Avoiding tax software will not prevent your refund from being stolen, and neither will anything else, say security and tax experts.

"There's really nothing you can do to protect yourself. It's depressing," said fraud expert Avivah Litan, vice president and analyst for Gartner Research. "This is the type of fraud I worry about."

The Federal Bureau of Investigation is investigating how fraudulent returns were filed in 19 states through TurboTax software, the Wall Street Journal reported on Wednesday. TurboTax maker Intuit Inc temporarily stopped transmitting state returns last week after noticing attempts to use fraudulent identification information.

The company said it does not believe the fraud resulted from a security breach of its systems and that the stolen information must have come from another source.

"Intuit has not been notified, nor are we aware, that we are the target of an FBI investigation," Intuit spokeswoman Julie Miller said in an email to Reuters.

With all the recent database breaches and hacks, there are plenty of sources for all the information that thieves would need to create bogus tax returns and steal people's refunds, Litan said. Social Security numbers, answers to security challenge questions and other private information on millions of people is up for grabs.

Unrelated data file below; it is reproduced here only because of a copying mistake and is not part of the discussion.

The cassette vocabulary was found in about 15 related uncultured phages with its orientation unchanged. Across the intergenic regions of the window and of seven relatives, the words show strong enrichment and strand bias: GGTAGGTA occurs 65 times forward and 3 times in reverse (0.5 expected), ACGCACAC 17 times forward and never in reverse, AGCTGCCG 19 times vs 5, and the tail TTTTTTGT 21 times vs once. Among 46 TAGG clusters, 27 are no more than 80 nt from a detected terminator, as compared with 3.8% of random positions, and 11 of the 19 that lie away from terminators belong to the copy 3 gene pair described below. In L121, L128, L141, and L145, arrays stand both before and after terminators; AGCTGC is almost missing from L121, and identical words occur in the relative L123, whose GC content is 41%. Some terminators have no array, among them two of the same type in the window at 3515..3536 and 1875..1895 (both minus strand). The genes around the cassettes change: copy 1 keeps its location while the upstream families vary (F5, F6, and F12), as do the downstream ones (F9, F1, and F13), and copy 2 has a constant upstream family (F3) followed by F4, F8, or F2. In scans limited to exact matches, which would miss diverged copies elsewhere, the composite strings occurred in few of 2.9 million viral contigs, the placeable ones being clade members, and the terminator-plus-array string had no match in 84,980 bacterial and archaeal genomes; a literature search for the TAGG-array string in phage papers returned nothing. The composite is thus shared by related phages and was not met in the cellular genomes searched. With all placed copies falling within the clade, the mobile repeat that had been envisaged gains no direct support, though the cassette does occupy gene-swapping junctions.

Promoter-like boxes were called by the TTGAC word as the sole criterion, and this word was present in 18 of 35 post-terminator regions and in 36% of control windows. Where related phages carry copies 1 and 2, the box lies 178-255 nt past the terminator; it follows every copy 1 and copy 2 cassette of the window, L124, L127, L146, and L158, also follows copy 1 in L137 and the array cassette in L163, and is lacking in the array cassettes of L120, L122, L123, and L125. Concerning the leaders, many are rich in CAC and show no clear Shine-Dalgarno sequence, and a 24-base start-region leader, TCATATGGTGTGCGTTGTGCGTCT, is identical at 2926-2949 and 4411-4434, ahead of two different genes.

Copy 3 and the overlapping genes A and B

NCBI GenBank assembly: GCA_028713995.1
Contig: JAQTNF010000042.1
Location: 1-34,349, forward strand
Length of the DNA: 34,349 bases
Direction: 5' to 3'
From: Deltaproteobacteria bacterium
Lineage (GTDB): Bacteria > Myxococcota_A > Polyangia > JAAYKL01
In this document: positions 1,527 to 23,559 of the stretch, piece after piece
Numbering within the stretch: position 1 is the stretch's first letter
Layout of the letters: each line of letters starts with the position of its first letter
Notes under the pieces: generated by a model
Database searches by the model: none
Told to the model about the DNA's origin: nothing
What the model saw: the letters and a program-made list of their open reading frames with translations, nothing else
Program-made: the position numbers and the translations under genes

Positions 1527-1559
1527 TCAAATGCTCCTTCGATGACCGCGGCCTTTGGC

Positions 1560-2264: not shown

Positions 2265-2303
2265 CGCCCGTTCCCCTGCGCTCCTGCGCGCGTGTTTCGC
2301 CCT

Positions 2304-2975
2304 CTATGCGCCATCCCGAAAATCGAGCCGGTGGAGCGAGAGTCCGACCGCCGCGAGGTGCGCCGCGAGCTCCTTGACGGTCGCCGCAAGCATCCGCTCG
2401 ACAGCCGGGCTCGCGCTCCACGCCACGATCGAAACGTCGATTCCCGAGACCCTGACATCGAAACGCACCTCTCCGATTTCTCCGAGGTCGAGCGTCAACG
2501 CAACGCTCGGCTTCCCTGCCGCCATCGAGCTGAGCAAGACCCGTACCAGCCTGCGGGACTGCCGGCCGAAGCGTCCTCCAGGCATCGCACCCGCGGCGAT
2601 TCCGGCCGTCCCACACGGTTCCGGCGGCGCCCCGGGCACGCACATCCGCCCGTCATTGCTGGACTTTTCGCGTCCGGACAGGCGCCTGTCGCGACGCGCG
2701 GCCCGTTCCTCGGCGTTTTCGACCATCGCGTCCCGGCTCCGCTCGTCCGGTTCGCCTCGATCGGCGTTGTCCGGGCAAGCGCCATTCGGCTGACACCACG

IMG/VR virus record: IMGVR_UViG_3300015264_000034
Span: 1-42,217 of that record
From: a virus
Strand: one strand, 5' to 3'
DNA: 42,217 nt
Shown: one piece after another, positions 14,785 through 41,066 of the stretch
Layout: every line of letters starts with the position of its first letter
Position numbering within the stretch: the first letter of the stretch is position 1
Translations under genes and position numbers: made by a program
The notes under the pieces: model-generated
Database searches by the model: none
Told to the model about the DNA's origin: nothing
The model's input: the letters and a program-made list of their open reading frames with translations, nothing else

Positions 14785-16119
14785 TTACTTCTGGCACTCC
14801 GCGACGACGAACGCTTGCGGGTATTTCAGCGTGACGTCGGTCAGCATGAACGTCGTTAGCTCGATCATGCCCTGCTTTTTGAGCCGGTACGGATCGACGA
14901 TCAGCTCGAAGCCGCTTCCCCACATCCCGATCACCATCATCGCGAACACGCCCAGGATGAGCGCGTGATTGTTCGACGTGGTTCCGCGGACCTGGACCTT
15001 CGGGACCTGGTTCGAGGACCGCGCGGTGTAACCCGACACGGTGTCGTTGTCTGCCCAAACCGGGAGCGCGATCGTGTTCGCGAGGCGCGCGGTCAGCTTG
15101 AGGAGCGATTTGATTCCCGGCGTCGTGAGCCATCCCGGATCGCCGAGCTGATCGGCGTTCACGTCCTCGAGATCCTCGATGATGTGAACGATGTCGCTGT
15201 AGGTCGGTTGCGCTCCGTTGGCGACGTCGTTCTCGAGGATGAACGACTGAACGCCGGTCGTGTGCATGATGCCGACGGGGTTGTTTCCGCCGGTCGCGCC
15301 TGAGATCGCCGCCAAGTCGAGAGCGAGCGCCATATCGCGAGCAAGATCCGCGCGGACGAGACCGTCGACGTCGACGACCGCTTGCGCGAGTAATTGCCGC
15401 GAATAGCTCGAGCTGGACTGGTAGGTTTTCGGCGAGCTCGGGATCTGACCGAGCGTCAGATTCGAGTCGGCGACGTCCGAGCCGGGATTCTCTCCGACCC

"We know that these have been stolen and sold," Litan said. Court Ventures, a public records aggregator now owned by Experian, unwittingly sold information to identity thieves from a database containing more than 200 million records that included Social Security numbers. Another 80 million customers and employees had their Social Security numbers and other private information exposed in the recent breach of health insurer Anthem Inc. Hackers are also targeting accounting and law firms to mine personal information, Litan said.

Once thieves have a Social Security number, creating phony W-2s is not that hard, she said: "You can get everything you need from LinkedIn and Facebook."

The IRS paid $5.2 billion in fraudulent tax refunds during the 2013 tax season while preventing another $24.2 billion from being paid, according to the U.S. Government Accountability Office.

Victims often wait months and sometimes even years to have their refunds restored, said tax preparer Laurie Ziegler of Saukville, Wisconsin, who has helped people victimized by refund fraud. Cuts in IRS funding and staff levels mean victims are likely to wait even longer this year, she said.